Review: Battlefield 1

Battlefield 1

www.battlefield.com

Bullets whizz past your character’s face with a distinctive crack as tanks rumble past you, ripping up mud and soil that glistens on their tracks. Biplanes attack a huge zeppelin that bursts into a fiery explosion spewing debris across the battlefield. This initial entrance to the multiplayer aspect of Battlefield 1, rendered in all its muddy, bloody glory on developer Dice’s frostbite engine, is in many ways breathtaking.
As a triple A title, Battlefield 1 had some mighty boots to fill, and so far it has launched far better than its big brother Battlefield 4. Smooth and glitch free for the most part, it is easily playable. It’s here in these wide open spaces that the game shines. Vehicles and infantry work in combination across the map with it being so large, enabling everything from dog fights to tank battles. Quickly, I’ll talk about the obvious.

It looks amazing.

Anyone that’s seen any gameplay footage will know how gorgeous the game truly looks. The gameplay for the most part retains the classic Battlefield feel; conquest is the same, open maps with vehicles and flags to capture, and rush is also here along with a quirky new edition of war pigeons.

The major shakeup in multiplayer is the new game mode operations. In what feel like extended multiplayer campaigns, teams attack or defend flags, more in a rush style, with the background story of a campaign. The ebb and ow of the battle does feel compelling and heroic final pushes or last ditch defences do make the experience fun and personal. Overall, Dice haven’t reinvented the wheel here, if you’ve played a Battlefield title before you’ll immediately feel at home among its destructible chaos.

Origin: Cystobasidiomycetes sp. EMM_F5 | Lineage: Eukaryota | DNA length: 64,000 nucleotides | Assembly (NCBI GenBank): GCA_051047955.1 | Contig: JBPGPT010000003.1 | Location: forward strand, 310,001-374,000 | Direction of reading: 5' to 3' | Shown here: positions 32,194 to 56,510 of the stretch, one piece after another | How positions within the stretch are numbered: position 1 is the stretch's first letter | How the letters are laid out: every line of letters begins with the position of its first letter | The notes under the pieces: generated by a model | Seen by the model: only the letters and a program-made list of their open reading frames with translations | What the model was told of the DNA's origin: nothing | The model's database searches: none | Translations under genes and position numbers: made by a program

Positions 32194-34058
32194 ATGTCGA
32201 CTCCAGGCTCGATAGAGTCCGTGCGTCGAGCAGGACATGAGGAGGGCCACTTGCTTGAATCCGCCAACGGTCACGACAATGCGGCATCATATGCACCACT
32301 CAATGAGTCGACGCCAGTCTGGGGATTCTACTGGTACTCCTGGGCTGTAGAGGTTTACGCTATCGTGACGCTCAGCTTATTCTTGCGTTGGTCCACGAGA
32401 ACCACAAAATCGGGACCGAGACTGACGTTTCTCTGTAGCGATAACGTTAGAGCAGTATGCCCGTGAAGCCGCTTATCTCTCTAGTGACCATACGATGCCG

As feared, the single player is disappointingly poor. Although not as bad as Battlefield 4’s attempt at a compelling story, Battlefield 1 manages to throw away its huge potential. Its prologue, a vivid suicide mission where you play as characters doomed to die, highlights the pointlessness and horror of the game’s setting. Instead after this we are treated to a series of short, bland missions, full of good looking set pieces but lacking any real development or punch, and with some shockingly bad AI that struggles to kill you (although in one mission you are literally invincible).

The single player aside, the major problem, one that I can’t stress enough, is the poor map design. If Battlefield 1 shines in its huge, sprawling maps, it becomes an ugly, maddeningly frustrating death simulator on its small- er ones. In particular, the Suez Canal map is appallingly designed, pitting the British attackers on the first point against an armoured train. With limited if no cover behind flimsy sand dunes, it becomes an aggravating shooting gallery.

Battlefield 1 is, for the most part, a blast. Not only will it feel homely yet similar for returning Battlefield fans, but it also offers a welcoming refreshment from the saturated modern military shooter market. There are some pitfalls though, if you attempt the small- er maps expect some rage inducing, controller throwing moments where you swear you shot that guy yet still he got you, only to respawn next to an enemy tank and be blown to bits.

But at least it looked amazing when it happened.

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